Encinitas lifeguards coming to the rescue of more sea lions
Local lifeguards aren’t just saving surfers and swimmers these days.
This year, there’s been a big spike in sea lion rescues in Encinitas, mirroring a trend that’s playing out across California.
“Every winter, we deal with this to one degree or another, but this year the numbers are up,” said Encinitas lifeguard Sgt. Robert Veria shortly after making a rescue the morning of Monday, Feb. 16, his 22nd rescue this year.
Thanks to Veria, a dehydrated and malnourished sea lion rested safely in a large rescue cage near the Moonlight Beach lifeguard tower. Moments earlier, the sea lion was stranded near a bluff just south of Grandview Beach.
“You can see the ribs poking out,” Veria said. “It should be double this size.”
A SeaWorld team picks up saved sea lions in the county and takes them to the park’s Animal Rescue Center. Over several weeks or even months, they’re revived and then released back into the wild with tags.
“It seems to be a very successful program,” Veria said. “I can say anecdotally I very, very rarely rescue a tagged animal.”
As of Feb. 16, Encinitas lifeguards have made 31 sea lion rescues, which they say is significantly higher than previous years.
And rescues are on the rise across the region.
In January 2015, SeaWorld took in 87 sea lions, more than four times the number during the same month in 2013. Later that year, the National Marine Fisheries Services declared an “unusual mortality event” due to so many sea lions washing up on shores.
The exact cause of the problem hasn’t been determined. Experts believe warmer-than-average ocean temperatures could be leading mother sea lions to travel greater distances for food, and hungry pups are left behind for too long.
The National Oceanic and Atmospheric Administration (NOAA) has stated that sardine-spawning grounds shifted further offshore, a likely contributor.
“And while other prey were available — market squid and rockfish — these may not have provided adequate nutrition in the milk of sea lion mothers supporting pups or for newly weaned pups for foraging on their own,” NOAA’s website says.
NOAA has also found that disease probably isn’t the problem.
While California sea lions are struggling, their numbers have shot up over the past four decades. The passage of the 1972 Marine Mammal Protection Act and other legislation prevented them from being hunted to extinction.
The California sea lion population, which is found from Alaska to Mexico, is estimated at 300,000 today, according to NOAA.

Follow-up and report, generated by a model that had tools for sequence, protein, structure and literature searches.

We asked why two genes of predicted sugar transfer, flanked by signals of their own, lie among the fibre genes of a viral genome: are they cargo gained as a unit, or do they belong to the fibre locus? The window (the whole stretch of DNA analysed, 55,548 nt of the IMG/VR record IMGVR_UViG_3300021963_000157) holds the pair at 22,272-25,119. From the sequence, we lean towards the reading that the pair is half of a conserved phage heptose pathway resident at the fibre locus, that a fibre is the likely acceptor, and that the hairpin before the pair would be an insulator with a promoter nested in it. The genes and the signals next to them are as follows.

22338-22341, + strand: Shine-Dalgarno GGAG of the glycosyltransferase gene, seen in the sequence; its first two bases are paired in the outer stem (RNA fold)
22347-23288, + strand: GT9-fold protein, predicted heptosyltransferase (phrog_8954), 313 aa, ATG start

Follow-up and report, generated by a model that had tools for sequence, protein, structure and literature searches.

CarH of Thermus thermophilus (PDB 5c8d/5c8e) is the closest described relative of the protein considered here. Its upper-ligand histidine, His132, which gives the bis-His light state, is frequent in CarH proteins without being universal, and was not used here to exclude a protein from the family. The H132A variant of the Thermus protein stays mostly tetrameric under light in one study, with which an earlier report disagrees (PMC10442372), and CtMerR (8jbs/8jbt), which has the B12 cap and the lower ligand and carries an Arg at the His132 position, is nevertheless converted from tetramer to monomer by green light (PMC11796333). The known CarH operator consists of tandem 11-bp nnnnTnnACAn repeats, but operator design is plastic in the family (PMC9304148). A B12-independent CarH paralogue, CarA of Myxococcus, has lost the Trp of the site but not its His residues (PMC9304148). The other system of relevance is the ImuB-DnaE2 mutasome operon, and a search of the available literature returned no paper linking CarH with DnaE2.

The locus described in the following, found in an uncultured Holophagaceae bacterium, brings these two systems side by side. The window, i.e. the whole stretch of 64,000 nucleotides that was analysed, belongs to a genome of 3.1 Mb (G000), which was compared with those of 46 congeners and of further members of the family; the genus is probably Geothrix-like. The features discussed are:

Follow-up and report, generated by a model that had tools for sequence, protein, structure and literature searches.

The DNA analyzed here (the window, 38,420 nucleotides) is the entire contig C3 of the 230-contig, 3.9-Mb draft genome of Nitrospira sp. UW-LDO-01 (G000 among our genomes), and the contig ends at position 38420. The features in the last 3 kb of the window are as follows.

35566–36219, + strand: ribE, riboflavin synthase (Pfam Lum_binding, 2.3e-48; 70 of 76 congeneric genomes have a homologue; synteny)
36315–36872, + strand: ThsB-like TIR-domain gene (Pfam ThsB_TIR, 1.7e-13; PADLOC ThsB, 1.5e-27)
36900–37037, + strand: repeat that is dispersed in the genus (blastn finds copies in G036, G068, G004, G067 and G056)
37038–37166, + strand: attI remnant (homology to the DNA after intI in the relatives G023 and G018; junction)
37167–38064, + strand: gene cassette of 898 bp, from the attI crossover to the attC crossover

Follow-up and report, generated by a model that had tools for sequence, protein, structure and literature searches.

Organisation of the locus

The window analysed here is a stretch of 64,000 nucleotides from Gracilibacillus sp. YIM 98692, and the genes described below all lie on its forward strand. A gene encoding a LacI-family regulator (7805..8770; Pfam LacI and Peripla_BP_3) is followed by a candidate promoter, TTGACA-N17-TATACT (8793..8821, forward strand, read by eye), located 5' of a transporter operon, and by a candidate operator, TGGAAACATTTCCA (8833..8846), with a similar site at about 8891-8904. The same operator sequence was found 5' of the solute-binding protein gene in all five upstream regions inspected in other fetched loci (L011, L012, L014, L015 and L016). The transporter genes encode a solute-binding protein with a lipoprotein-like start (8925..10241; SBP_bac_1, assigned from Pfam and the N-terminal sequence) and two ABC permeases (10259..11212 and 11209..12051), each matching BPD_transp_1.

Typically, rescues for Encinitas lifeguards subside in April or May.
Veria said most of the time, beachgoers will spot beached sea lions and report them to lifeguards. Because they can bite, it’s important to give them space, he added.
“Don’t try and handle it, don’t put water on it, don’t try and feed it a sandwich — just leave it alone and call the lifeguards,” Veria said.
He added that local lifeguards are better able to handle rescues this year, courtesy of a new rescue cage and trailer, which was donated by the nonprofit Surfing Madonna Oceans Project.
The nonprofit funds various ocean-related causes in Encinitas. It’s supported by proceeds from the annual Surfing Madonna 5K/10K.
Bob Nichols, president of the nonprofit and race director, said the group is pleased to see the rescue cage is helping, especially given the dramatic increase in the number of sick sea lions.
“It’s very spacious, well ventilated and allows for a much less traumatic rescue and transport for the sea lion,” Nichols said.
The large cage also allows lifeguards to transport elephant and harbor seals, which lifeguards rescue once in a while. The cost for the cage and trailer was about $6,200.
Nichols stated: “We’re thankful that the city of Encinitas, local community and lifeguards have asked for our help and that we can make a measurable impact in these mammals’ sustainability.”
David Koontz, communications director for SeaWorld, said once sea lions arrive at the SeaWorld Animal Rescue Center, they’re rehydrated with an IV. Then comes nourishment.
“Many of the animals are unable to eat whole fish when they arrive at the park, so we provide them nourishment initially by tube-feeding them a formula,” Koontz said. After a few days, they usually start eating whole fish.
“The hope is after several weeks in our care, medical treatment and being able to eat on a regular basis, that not only do they put on weight, but their general health improves,” Koontz said.
About 70 percent of rescued sea lions at the center are released back into the wild.
“Unfortunately, there is a percentage of the animals that when rescued are so ill or injured that they don’t respond to the medical care provided by our vets and animal care teams,” Koontz said.
He said some recover from injury or illness, but would not survive in the ocean. A permanent home is found for them at zoological facilities.
For the animals to return to the ocean, veterinarians must give the OK. And the sea lions have to demonstrate they can forage and compete for food with other sea lions that have been rescued.
“We will then start the planning to return them to the ocean,” Koontz said.